"Come on," said Gertie. "It's cold and I can smell snow for certain. There'll be no beds left at St Christopher's if we don't get a shift on."

"Sure, sure," said Nic. He wondered, not for the first time, why he hadn't accepted her first invitation on the platform, all those years ago.

Summer Haze

"Rachel, I've brought you a cup of tea," said Lily as she came out into the garden carrying a tray. "Marie-Louise has gone to meet her friends at the library, they're revising for Friday's English paper."

The heat liquefied the air, everything shimmered, liberated from its normal solid state.

"Thank you," said Rachel. She took the tea and biscuits and kissed Lily on the cheek; Lily squeezed the old lady's shoulder.

"You've got the right idea sitting out here, it's too hot to do much. I'll get the other deck chair, hang on a sec," said Lily.

Lily went into the shed, dusted down a stripy lounger and set it up next to Rachel.

"Lily, there's something I need to tell you about, to help you to understand," said Rachel. "I should have done it ages ago, but you've always had so much on your plate. I daren't put it off any longer, I'm not getting any younger and who knows when... well you know."

"Don't talk like that, you're as strong as a horse, I couldn't manage without you," said Lily. "But what's all this about?"

Rachel reached out and took Lily's hand. "It's about Frances."


Emergency Room

"I'm Sister Dayea McNamara," said the ward sister. He lifted his head slowly and squinted against the glare of the ceiling lights.

"What's your name? The paramedics said you were spark out when they picked you up in the park, and you had no ID."

"I, I'm Domin... no Nic, Flynn, no Smith. Nic Smith. Sorry my head hurts, not thinking straight."

"You've been hit on the head, a nasty blow and you might have concussion. You know, your face looks familiar. I know you, don't I?"

He stiffened against a wave of pain that abraded his nerve endings. After a moment he said, "Sorry, what did you say?"

"I do know you, years ago when I worked on Maternity, before I married," said Sister McNamara.

"Where's Gertie?" said Nic.

"Who's Gertie?"

"My friend, in the park. Gertie," he said.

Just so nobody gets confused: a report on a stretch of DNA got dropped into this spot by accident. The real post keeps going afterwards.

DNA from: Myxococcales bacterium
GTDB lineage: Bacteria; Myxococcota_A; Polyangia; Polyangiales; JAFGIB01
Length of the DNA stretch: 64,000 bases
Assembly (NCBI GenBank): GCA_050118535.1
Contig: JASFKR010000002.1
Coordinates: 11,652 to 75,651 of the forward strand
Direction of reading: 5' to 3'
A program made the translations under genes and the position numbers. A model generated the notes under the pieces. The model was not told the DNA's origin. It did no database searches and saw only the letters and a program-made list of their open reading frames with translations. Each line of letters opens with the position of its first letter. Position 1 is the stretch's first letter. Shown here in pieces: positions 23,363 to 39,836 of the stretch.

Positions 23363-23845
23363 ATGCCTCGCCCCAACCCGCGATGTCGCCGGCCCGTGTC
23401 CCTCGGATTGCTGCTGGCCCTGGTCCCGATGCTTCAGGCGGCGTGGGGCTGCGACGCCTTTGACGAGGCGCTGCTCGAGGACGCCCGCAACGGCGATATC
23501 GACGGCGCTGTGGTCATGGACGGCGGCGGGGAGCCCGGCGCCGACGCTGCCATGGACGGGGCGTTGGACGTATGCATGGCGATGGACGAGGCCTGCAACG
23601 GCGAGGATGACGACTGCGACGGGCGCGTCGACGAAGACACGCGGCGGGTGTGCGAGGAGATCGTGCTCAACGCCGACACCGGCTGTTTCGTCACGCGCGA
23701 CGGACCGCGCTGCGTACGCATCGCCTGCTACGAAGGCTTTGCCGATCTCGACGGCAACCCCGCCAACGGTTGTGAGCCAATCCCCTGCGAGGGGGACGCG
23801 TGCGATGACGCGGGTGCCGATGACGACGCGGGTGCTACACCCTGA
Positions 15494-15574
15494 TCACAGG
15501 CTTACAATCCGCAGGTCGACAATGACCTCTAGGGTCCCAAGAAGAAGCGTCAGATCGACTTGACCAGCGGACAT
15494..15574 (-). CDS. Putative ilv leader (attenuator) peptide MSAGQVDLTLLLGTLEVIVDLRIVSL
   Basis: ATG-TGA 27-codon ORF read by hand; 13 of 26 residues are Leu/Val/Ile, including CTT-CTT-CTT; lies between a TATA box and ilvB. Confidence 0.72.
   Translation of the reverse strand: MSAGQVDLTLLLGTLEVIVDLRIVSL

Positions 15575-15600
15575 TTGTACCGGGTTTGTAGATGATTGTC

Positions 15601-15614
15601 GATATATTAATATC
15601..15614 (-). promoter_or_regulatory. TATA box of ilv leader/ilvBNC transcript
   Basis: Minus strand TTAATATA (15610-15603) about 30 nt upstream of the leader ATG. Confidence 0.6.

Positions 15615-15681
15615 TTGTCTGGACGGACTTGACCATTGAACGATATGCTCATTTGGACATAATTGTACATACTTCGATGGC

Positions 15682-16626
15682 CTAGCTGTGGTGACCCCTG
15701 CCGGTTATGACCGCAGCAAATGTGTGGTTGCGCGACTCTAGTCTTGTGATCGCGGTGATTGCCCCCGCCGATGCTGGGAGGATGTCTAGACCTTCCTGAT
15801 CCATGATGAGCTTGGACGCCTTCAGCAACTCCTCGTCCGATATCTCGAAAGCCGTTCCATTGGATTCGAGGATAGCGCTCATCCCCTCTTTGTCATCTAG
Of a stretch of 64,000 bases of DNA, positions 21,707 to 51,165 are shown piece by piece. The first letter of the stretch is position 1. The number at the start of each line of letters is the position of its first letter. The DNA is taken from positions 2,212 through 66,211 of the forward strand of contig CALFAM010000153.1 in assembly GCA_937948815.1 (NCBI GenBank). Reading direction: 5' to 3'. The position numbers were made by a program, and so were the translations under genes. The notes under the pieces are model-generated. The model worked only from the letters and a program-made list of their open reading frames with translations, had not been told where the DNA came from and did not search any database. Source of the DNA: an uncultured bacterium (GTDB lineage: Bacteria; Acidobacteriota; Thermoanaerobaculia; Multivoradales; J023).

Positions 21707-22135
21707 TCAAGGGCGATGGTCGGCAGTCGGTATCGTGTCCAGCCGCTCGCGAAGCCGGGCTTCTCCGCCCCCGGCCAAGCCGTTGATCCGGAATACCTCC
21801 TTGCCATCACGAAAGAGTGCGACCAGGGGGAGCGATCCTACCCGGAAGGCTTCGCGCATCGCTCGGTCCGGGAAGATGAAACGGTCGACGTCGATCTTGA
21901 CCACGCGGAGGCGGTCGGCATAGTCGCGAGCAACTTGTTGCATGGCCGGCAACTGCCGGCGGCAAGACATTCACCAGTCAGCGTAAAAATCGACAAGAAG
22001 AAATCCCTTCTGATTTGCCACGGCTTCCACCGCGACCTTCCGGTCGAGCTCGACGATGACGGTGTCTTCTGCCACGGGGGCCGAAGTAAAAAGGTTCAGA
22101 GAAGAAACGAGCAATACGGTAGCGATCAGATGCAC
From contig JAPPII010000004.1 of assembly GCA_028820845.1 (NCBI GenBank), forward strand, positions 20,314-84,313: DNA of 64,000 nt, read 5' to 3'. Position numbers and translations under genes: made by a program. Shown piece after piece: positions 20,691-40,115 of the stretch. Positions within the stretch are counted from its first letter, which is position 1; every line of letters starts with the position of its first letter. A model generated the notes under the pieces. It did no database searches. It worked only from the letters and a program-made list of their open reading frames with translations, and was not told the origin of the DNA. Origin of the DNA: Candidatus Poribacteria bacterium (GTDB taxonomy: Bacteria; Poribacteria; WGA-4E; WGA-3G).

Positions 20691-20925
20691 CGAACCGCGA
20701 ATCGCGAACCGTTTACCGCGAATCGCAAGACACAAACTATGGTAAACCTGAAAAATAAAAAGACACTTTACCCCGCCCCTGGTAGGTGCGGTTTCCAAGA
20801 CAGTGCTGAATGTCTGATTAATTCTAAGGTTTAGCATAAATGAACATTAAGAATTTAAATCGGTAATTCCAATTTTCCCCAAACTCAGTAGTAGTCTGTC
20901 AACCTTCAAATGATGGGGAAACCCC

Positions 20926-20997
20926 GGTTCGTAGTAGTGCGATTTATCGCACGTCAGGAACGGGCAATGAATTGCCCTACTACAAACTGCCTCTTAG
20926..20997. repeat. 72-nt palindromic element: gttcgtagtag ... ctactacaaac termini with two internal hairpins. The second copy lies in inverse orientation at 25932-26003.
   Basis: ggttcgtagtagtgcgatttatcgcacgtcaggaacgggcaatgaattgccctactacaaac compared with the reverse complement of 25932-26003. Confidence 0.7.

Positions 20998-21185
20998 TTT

"Do you mean the old bag lady in the band stand?" she said. He nodded.

"I'm afraid the freeze got her. She was hypothermic, we tried, but she was too far gone."

Nic's canine yelp startled the nurse, she floundered and then put her hand on his shoulder.

"Sorry, I didn't know you were friends."

"You know fuck all," he said.

He brushed her hand away, stumbled to his feet and went away into the night.


Rachel was on the couch, wedged between Lily and Marie-Louise. They'd just had tea and sat in the half-light watching Strictly. The colours from the TV flickered over their faces and reminded Rachel of flames cast from the autumn bonfires of her post-war childhood. The blazes had licked warmth and light over her family, casting their features with magic.

Later, she and Fred had moved into Carlton Avenue to start a family of their own. At first they'd been blessed, Dominic had been a bright and happy child.

She and Fred had agreed that Dom must never feel blamed, they'd never bring it up unless he did and they never really knew what he remembered or what he understood.

Fred's death was sudden, he'd died of heart failure, it had all been too much for him. He'd not said much, but he'd worn sadness like an old vest, always there underneath his shirts. Then it'd all been too much for Dom as well, or so she supposed. Why else would he have gone?

Rachel felt very lucky to be with Lily and Marie-Louise tonight, just to be here.

Last Words

The phone tweeted like a calling bird as the zappy ring tone cut into the stillness of the night.

"Yes, this is Mrs Flynn's daughter," said Lily. She rubbed her eyes, puffy with sleep. As she listened, silent tears drizzled down the creases etched by the smiles and frowns of many years.

"I understand, I'll be straight over, and please tell her I love her."

She drove on auto-pilot, her hands white knuckled as she hung onto the steering wheel of her car. The hospital car park was pretty much deserted so she parked near the entrance.

The young Scottish doctor was kind, but overstretched. She was quick to tell Lily that the end had been peaceful. Through her tears, Lily heard the physician add, "At tea time she was lucid, she said that she loved you all. You, Marie-Louise, and someone called Dominic?"